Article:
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About this Lecture
In this module, we think about the principle of utopianism within anarchism, focusing in particular on: (i) the use of the word ‘utopian’ by critics of anarchism to describe a philosophy that is unrealistic or unrealisable; (ii) anarchists’ view that a better (utopian) society is realisable, but that anarchism must be willingly adopted, rather than being forced on people from on high; and (iii) the importance of Kropotkin’s Fields, Factories and Workshops (1899), which describes how the decentralisation of industry and agriculture might actually work.
In this course, Professor Ruth Kinna (Loughborough University) explores the idea of anarchism. In the first five modules, we introduce five key figures in anarchist thinking: Max Stirner (1806-65), Pierre-Joseph Proudhon (1809-65), Mikhail Bakunin (1814-1876), Peter Kropotkin (1842-1921), and Emma Goldman (1869-1940). After that, we spend five modules exploring four key principles in anarchism: rejection of the state, liberty, economic freedom and utopianism. In the eleventh, twelfth and thirteen modules, we think about six different types of anarchism – individualism, collectivism, communism, egoism, social anarchism and syndicalism – before turning in the final four modules to explore seven key concepts in anarchism: power, authority, government, the state, altruism, autonomy and direct action.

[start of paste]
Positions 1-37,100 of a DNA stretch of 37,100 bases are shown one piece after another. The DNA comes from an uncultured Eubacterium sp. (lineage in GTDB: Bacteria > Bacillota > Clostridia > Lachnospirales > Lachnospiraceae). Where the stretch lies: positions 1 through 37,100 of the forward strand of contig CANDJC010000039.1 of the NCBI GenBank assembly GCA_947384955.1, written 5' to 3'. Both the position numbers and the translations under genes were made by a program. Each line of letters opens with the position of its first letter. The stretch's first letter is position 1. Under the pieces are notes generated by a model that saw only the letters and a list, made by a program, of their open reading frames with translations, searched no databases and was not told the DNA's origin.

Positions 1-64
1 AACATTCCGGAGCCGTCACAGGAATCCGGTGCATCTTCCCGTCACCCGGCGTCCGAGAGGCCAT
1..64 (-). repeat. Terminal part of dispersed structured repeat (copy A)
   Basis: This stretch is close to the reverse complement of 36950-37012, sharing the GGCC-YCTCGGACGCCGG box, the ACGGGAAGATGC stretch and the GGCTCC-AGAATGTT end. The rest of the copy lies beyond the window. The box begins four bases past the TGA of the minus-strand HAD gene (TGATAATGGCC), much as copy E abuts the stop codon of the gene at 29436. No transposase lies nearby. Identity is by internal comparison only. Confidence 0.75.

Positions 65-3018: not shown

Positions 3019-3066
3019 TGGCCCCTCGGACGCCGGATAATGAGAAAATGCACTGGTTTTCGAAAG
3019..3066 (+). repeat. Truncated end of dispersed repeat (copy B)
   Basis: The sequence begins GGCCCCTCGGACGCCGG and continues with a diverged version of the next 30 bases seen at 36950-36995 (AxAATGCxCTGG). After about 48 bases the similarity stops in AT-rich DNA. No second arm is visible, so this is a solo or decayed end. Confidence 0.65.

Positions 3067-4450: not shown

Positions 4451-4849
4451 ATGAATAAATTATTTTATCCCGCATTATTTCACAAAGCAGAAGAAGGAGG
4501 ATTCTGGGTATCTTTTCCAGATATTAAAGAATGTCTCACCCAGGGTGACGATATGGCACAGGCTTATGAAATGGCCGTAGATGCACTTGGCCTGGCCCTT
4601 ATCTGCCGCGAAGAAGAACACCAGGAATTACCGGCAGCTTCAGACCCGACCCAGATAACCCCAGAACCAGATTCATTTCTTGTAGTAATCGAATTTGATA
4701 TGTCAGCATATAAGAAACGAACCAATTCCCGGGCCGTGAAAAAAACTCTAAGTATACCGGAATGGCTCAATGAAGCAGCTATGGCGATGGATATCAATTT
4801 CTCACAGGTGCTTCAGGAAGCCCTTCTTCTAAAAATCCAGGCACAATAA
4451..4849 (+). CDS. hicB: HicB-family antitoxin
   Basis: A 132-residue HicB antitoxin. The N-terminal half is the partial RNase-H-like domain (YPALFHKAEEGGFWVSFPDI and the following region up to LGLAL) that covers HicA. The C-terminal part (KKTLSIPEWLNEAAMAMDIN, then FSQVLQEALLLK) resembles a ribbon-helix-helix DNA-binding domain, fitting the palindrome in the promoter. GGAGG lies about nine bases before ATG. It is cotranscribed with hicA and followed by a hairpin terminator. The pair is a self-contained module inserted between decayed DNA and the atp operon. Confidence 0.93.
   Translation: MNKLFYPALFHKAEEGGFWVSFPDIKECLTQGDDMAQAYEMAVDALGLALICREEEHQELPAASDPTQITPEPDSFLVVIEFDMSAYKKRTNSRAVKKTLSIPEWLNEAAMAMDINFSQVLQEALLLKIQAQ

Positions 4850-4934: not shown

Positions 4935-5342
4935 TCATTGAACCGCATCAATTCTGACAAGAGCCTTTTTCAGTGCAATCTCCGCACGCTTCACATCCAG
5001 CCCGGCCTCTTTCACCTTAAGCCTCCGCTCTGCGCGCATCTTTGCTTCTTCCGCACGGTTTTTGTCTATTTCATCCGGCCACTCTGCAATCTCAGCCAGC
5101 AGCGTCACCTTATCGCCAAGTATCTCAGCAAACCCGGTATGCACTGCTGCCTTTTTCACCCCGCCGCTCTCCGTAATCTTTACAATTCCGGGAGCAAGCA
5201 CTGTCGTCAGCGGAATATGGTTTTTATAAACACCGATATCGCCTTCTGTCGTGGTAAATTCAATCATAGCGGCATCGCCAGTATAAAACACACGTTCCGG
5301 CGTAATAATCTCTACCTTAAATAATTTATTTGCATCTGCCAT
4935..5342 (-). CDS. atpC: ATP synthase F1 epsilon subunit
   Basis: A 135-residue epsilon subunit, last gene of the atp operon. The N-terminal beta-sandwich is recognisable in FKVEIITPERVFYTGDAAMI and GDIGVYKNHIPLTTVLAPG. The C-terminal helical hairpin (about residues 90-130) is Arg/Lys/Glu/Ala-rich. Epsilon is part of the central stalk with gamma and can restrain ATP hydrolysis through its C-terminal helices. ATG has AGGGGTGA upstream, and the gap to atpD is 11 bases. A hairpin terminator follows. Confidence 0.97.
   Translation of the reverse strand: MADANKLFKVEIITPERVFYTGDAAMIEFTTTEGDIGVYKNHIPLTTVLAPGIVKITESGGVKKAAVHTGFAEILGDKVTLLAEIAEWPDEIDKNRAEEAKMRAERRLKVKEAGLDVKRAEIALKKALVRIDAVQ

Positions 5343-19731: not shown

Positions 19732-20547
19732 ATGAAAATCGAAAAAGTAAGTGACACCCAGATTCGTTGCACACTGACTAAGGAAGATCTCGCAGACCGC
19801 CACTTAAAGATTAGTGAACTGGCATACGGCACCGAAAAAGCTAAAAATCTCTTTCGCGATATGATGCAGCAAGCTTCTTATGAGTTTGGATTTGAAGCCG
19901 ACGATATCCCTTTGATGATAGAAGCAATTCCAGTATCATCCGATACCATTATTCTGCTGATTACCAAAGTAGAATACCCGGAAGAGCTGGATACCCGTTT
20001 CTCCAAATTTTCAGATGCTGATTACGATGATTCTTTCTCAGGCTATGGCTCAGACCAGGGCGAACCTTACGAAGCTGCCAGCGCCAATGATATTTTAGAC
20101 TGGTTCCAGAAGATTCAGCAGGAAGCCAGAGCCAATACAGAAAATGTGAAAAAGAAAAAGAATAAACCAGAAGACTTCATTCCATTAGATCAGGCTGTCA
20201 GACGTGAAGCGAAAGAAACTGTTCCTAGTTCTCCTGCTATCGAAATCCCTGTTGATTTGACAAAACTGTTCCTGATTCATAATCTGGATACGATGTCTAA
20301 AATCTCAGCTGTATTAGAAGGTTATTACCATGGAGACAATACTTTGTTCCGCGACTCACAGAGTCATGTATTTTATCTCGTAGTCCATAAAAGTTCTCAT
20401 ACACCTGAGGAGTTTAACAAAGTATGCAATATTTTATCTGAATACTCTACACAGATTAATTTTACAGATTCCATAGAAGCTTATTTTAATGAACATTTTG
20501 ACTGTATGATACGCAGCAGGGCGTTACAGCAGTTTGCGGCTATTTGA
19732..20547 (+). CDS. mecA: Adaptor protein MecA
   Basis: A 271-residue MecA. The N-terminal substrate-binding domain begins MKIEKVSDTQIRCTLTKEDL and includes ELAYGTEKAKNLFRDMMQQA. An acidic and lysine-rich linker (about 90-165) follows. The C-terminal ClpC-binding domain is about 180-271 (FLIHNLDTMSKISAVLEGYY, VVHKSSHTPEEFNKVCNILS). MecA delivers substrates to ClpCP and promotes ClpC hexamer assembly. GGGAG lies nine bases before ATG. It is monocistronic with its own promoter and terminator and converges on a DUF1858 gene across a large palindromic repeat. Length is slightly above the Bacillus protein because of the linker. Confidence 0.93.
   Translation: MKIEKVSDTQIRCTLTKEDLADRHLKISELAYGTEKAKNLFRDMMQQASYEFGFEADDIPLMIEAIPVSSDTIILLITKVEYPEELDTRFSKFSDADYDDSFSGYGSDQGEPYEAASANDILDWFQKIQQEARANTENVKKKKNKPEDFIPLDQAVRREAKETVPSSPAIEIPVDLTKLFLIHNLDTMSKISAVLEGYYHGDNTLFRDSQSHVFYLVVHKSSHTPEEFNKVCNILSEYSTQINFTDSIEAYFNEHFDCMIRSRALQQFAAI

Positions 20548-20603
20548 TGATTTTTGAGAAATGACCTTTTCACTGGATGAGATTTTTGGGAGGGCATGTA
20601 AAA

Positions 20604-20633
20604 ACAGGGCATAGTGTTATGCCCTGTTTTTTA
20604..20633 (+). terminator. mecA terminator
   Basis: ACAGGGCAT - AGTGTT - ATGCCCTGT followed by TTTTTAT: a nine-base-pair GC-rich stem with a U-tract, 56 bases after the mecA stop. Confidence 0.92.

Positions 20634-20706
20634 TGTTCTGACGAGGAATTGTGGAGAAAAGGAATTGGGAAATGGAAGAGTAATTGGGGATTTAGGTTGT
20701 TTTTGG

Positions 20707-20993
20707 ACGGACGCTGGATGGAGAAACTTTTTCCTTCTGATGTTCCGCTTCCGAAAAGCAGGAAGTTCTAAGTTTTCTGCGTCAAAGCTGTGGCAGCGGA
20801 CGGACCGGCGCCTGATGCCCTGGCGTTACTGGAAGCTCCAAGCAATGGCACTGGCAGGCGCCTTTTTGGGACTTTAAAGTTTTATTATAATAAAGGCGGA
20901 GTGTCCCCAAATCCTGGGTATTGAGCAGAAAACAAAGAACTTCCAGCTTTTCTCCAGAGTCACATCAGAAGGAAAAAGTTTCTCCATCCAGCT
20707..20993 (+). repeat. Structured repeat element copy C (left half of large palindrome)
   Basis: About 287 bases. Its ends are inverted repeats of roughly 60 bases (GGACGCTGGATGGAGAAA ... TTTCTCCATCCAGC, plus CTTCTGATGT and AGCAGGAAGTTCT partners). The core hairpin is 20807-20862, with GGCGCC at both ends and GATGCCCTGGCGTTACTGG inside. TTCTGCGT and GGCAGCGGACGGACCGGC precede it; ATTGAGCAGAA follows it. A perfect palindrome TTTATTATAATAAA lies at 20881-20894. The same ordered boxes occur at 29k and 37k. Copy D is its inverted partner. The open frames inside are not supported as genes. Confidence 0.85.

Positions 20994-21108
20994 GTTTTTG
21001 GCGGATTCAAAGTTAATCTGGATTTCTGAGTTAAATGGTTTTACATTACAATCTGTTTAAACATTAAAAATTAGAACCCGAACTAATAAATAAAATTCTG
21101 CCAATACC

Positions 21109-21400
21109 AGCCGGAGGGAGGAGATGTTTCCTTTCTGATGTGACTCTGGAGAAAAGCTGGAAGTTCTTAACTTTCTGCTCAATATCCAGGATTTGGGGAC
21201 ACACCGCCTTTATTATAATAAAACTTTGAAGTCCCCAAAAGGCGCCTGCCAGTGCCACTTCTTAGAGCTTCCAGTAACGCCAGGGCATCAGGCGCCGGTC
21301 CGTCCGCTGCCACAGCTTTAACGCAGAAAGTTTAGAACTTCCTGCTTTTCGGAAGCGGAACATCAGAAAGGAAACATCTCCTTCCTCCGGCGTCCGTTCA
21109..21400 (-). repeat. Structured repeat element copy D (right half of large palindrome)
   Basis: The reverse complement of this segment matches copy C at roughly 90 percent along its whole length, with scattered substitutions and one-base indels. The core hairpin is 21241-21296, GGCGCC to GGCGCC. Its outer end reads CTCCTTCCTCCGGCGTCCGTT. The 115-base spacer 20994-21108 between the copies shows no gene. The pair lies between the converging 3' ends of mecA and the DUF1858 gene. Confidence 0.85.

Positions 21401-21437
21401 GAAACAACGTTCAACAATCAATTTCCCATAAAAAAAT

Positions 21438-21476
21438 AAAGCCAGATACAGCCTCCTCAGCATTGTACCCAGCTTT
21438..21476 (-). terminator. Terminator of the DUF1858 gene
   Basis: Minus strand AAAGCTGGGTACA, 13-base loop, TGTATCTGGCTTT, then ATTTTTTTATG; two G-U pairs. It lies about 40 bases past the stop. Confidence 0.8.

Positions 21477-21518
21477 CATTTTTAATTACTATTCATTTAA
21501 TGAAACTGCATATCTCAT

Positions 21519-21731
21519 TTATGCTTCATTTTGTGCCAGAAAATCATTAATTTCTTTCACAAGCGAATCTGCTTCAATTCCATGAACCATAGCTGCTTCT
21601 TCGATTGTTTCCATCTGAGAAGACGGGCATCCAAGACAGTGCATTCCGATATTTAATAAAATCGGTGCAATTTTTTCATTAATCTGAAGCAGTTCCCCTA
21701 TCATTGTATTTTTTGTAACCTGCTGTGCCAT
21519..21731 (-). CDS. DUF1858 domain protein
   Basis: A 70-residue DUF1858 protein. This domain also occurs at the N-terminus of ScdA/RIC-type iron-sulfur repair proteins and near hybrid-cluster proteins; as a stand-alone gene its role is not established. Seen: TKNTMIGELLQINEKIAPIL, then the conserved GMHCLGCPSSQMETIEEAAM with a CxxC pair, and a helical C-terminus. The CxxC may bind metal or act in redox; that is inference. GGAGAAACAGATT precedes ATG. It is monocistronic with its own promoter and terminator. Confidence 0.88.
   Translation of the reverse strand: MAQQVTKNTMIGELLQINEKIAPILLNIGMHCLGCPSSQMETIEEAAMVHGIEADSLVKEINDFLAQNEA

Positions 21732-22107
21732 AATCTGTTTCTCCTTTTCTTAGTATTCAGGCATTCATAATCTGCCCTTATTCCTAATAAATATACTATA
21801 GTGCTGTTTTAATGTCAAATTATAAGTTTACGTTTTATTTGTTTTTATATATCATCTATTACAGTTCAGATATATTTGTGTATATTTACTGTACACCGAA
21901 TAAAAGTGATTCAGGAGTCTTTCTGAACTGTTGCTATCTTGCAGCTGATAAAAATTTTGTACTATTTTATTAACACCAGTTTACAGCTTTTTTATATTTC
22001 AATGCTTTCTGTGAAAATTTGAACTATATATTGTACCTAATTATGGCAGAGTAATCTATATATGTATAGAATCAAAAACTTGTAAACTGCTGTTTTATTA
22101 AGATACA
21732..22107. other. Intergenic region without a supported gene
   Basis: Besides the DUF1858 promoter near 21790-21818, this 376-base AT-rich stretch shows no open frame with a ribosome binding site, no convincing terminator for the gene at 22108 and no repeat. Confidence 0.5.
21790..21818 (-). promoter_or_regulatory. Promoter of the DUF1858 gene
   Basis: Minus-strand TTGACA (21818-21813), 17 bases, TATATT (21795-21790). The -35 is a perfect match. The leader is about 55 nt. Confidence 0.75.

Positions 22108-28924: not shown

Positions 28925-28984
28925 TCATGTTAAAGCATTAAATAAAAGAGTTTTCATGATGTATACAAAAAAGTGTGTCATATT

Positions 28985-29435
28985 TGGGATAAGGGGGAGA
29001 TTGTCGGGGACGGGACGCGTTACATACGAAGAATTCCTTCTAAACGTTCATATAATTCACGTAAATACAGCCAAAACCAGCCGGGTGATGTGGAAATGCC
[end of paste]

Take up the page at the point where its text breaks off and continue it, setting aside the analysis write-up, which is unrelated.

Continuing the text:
Ruth Kinna is Professor of Political Theory in the Department of Politics and International Studies at Loughborough University. She is a political theorist and historian of ideas with research interests in anarchism, nineteenth and early twentieth-century socialist thought, utopianism and contemporary radicalism. Her book William Morris: The Art of Socialism was published in 2000. She has since published The Beginner's Guide to Anarchism (Oneworld, 2005/2009), Kropotkin: Reviewing the Classical Anarchist Tradition (University of Edinburgh, 2016) and The Government of No One (Pelican, 2019).